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Blog 03.18.2022

Irish Poetry And Blessings For St. Patrick’s Day

May the luck of the Irish be bestowed on us all every day and not just St. Patrick’s Day! For this fun holiday filled with parades, shamrocks, leprechauns, and beer, let us enjoy reading some wonderful Irish poetry!

We love Gaelic and Irish imagery, like the blarney stone (which one kisses for luck), fairies, the wearing of the green, Irish dancing, corned beef and cabbage, and blessings galore. For one day, everyone is Irish! Keep in mind a shamrock (not a four-leaf clover) is lucky because of the three leaves which symbolize the Father, Son, and the Holy Ghost. A pot overflowing with gold coins at the end of a rainbow, lucky charms, smiling Irish eyes, and people exclaiming “Kiss Me, I’m Irish!” all conjure wonderful images of St. Paddy’s Day.

Get into the spirit of the season with two of our most favorite Irish writers, William Butler Yeats and James Joyce! 

William Butler Yeats

  • “Down By the Salley Gardens” (1889)

“Down by the salley gardens

   my love and I did meet;

She passed the salley gardens

   with little snow-white feet.

She bid me take love easy,

   as the leaves grow on the tree;

But I, being young and foolish,

   with her would not agree.


In a field by the river

 my love and I did stand,

And on my leaning shoulder

   she laid her snow-white hand.

She bid me take life easy,

   as the grass grows on the weirs;

But I was young and foolish,

   and now am full of tears.”

  • “The Lake Isle of Innisfree” (1890)

“I will arise and go now, and go to Innisfree,

And a small cabin build there, of clay and wattles made;

Nine bean-rows will I have there, a hive for the honey-bee,

And live alone in the bee-loud glade.


And I shall have some peace there, for peace comes dropping slow,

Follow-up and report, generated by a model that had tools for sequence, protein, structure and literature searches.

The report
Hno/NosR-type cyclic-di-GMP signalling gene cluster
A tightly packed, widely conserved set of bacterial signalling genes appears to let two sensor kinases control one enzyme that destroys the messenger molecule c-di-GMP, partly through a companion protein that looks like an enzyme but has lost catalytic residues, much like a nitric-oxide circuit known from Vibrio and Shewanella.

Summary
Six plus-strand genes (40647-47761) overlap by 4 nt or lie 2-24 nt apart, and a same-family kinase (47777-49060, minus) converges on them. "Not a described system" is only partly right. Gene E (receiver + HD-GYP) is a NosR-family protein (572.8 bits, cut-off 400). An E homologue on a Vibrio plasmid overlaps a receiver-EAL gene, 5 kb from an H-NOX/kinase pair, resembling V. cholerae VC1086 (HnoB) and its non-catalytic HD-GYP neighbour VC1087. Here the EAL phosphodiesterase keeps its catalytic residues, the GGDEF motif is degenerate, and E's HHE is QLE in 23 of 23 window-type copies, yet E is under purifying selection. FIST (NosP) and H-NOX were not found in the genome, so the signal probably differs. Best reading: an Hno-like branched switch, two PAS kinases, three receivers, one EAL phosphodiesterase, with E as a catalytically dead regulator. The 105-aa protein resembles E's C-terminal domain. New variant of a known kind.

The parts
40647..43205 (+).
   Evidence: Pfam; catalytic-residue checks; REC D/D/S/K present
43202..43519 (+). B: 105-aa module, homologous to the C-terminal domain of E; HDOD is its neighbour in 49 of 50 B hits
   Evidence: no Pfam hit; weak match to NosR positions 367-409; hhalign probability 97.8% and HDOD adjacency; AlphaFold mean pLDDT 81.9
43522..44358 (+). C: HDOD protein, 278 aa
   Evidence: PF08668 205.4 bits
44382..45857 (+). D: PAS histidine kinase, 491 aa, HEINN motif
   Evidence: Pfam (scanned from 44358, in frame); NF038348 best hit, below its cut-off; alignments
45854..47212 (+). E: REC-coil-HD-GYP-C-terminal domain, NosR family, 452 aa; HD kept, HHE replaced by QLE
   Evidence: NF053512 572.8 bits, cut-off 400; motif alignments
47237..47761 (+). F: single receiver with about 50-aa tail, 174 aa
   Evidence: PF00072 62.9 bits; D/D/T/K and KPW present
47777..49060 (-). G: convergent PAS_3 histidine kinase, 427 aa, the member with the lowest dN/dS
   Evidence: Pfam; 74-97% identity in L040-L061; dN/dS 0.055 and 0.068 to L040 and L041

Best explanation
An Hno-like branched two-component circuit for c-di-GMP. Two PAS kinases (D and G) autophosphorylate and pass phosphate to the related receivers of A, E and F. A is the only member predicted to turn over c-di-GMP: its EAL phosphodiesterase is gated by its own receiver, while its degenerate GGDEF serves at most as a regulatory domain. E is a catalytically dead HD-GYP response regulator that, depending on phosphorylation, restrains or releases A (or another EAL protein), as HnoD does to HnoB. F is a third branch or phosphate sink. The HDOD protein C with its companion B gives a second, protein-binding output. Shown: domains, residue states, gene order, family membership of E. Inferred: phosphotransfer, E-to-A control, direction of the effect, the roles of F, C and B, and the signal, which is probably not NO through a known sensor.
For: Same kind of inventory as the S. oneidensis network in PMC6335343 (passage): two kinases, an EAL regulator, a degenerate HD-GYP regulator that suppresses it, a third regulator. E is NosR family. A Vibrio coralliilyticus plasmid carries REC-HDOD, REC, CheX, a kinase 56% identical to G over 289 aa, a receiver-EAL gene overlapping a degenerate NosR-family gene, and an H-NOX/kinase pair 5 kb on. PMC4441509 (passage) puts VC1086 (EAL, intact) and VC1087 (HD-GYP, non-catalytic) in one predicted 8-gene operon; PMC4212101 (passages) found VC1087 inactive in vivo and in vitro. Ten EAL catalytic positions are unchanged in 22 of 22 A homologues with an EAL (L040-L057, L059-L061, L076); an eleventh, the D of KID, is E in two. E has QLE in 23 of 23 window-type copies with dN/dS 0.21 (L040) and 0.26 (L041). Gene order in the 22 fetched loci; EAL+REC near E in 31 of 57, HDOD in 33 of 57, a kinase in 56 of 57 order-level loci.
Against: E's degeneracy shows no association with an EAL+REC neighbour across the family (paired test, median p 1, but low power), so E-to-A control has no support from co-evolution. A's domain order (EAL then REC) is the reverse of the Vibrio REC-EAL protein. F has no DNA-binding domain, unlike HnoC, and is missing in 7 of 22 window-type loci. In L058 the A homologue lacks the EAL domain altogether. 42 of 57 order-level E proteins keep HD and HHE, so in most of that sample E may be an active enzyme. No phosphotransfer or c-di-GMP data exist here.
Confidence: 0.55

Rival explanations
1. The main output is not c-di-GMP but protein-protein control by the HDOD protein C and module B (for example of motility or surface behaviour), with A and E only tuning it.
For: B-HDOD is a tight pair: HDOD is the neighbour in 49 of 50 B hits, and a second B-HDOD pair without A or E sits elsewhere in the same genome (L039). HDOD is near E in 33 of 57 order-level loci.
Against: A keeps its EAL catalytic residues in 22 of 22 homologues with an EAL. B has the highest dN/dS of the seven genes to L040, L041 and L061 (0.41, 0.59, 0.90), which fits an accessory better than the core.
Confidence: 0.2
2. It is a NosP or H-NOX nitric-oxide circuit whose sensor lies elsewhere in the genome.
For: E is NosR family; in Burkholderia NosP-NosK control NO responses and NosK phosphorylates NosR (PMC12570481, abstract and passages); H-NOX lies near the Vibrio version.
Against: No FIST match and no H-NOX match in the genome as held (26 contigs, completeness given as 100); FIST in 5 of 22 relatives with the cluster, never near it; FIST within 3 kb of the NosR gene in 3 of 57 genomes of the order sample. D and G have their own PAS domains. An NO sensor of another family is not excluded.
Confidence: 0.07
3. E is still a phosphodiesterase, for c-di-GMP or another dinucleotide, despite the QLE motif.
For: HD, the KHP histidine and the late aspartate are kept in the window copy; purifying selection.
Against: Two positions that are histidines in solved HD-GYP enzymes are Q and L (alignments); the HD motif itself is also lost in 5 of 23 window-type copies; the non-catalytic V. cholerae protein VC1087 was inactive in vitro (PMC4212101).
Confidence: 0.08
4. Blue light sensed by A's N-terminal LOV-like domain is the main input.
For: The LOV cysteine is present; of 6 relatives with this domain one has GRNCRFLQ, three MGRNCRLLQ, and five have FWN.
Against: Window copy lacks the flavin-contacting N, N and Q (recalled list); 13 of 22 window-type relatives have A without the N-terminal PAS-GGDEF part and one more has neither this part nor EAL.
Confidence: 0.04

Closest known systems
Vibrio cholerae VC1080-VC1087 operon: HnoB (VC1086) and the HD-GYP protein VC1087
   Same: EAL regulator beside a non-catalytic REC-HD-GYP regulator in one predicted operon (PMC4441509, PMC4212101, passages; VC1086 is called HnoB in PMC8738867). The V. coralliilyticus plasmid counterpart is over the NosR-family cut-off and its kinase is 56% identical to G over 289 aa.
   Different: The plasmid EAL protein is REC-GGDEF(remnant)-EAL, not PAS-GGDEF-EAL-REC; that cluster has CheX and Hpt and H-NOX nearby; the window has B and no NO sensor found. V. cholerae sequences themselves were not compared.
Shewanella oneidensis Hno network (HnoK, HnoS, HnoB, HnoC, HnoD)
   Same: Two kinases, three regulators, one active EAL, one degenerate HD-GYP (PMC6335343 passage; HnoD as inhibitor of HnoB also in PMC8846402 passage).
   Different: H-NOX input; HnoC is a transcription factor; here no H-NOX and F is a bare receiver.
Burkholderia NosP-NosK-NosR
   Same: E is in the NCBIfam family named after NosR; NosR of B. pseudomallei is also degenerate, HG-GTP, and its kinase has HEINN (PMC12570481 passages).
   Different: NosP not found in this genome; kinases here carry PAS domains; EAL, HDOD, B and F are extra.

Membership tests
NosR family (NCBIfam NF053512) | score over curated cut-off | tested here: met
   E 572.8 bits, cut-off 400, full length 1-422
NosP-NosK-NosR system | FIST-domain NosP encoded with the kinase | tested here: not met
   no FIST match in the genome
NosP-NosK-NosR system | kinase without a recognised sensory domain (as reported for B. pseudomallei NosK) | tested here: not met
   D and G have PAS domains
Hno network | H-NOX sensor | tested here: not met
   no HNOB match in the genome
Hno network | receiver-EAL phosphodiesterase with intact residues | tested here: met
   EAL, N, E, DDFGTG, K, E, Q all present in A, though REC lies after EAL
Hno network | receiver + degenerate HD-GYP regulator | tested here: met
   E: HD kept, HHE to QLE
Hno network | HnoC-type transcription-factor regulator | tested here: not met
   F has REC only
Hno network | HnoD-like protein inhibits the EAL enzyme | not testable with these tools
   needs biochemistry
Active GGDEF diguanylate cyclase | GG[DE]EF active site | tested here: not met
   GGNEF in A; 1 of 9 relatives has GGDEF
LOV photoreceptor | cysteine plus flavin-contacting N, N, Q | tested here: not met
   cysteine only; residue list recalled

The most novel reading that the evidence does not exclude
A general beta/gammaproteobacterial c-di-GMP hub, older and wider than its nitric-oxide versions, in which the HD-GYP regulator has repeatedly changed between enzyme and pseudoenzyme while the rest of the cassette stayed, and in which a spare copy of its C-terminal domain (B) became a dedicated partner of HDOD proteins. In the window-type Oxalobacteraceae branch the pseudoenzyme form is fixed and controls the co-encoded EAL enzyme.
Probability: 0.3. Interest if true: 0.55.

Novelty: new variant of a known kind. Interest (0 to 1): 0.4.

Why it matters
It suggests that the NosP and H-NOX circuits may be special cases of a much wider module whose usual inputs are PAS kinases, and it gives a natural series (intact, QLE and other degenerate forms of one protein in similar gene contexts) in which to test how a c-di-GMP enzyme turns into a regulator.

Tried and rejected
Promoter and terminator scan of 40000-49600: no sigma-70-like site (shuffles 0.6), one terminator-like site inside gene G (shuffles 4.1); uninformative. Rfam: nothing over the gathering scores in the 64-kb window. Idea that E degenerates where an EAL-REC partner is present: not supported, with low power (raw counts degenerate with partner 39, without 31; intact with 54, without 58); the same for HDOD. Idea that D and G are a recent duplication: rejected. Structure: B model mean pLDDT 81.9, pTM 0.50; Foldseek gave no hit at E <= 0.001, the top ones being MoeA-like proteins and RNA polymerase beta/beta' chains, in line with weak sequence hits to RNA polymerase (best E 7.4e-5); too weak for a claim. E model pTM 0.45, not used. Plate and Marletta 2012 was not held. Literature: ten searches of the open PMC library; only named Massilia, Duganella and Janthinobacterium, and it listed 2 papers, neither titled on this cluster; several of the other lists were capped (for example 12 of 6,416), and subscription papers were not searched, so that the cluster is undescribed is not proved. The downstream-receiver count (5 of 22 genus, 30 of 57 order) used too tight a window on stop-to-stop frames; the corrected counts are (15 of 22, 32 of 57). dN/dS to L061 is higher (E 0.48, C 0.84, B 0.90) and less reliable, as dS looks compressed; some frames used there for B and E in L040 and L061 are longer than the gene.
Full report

Dropping from the veils of the morning to where the cricket sings;

There midnight’s all a glimmer, and noon a purple glow,

And evening full of the linnet’s wings.


I will arise and go now, for always night and day

I hear lake water lapping with low sounds by the shore;

While I stand on the roadway, or on the pavements grey,

I hear it in the deep heart’s core.”

  • “The Song of Wandering Aengus” (last stanza) (1897)

“Though I am old with wandering

Through hollow lands and hilly lands,

I will find out where she has gone,

And kiss her lips and take her hands;

And walk among long dappled grass,

And pluck till time and times are done,

The silver apples of the moon,

The golden apples of the sun.”

James Joyce

  • “Song” (1904)

“My love is in a light attire

 Among the apple trees,

Where the gay winds do most desire

 To run in companies.


There, where the gay winds stay to woo

     The young leaves as they pass,

My love goes slowly, bending to

     Her shadow on the grass.


And where the sky’s a pale blue cup

     Over the laughing land,

My love goes lightly, holding up

     Her dress with dainty hand.”

Gaelic Verses, Songs, Blessings, and Toasts 

Hopefully, these Irish songs and verses will help you to get into the spirit of the holiday and understand why this Celtic heritage is so revered. 

  • “Erin Go Bragh” is a phrase that is commonly used on St. Patrick’s Day as it means “Ireland forever” or “Ireland until eternity” and was apparently first recorded during the Irish Rebellion of 1798.
  • “Hail Glorious Saint Patrick” by Saint Agnes, 1920

“Hail, glorious St. Patrick, dear saint of our isle,

On us thy poor children bestow a sweet smile;

And now thou art high in the mansions above,

On Erin’s green valleys look down in thy love.”

  • An Irish blessing 

“May the Irish hills caress you.

May her lakes and rivers bless you.

May the luck of the Irish enfold you.

May the blessings of St. Patrick behold you.”

  • An Irish Toast by Shane Na Gael, 1908

“Success to bold St. Patrick’s fist,

He was a saint so clever,

He gave the snakes and toads a twist,

And banished them for ever!”

  • From an Irish ballad, “The Wearing of the Green” (Arrah-na-Pogue)

“When law can stop the blades of grass from growing as they grow,

And when the leaves in summer-time their verdure dare not show,

Then I will change the colour that I wear in my caubeen,

But ’till that day, please God, I’ll stick to wearing of the green.”

  • Irish Blessing (Origin Unknown)

“May your blessings outnumber the shamrocks that grow and may trouble avoid you wherever you go.” 

For more information about Ireland and history behind the phrase “Erin go bragh,” consult the link below:

To read more and to see what’s on the blog, check out Full Cycle Publications.

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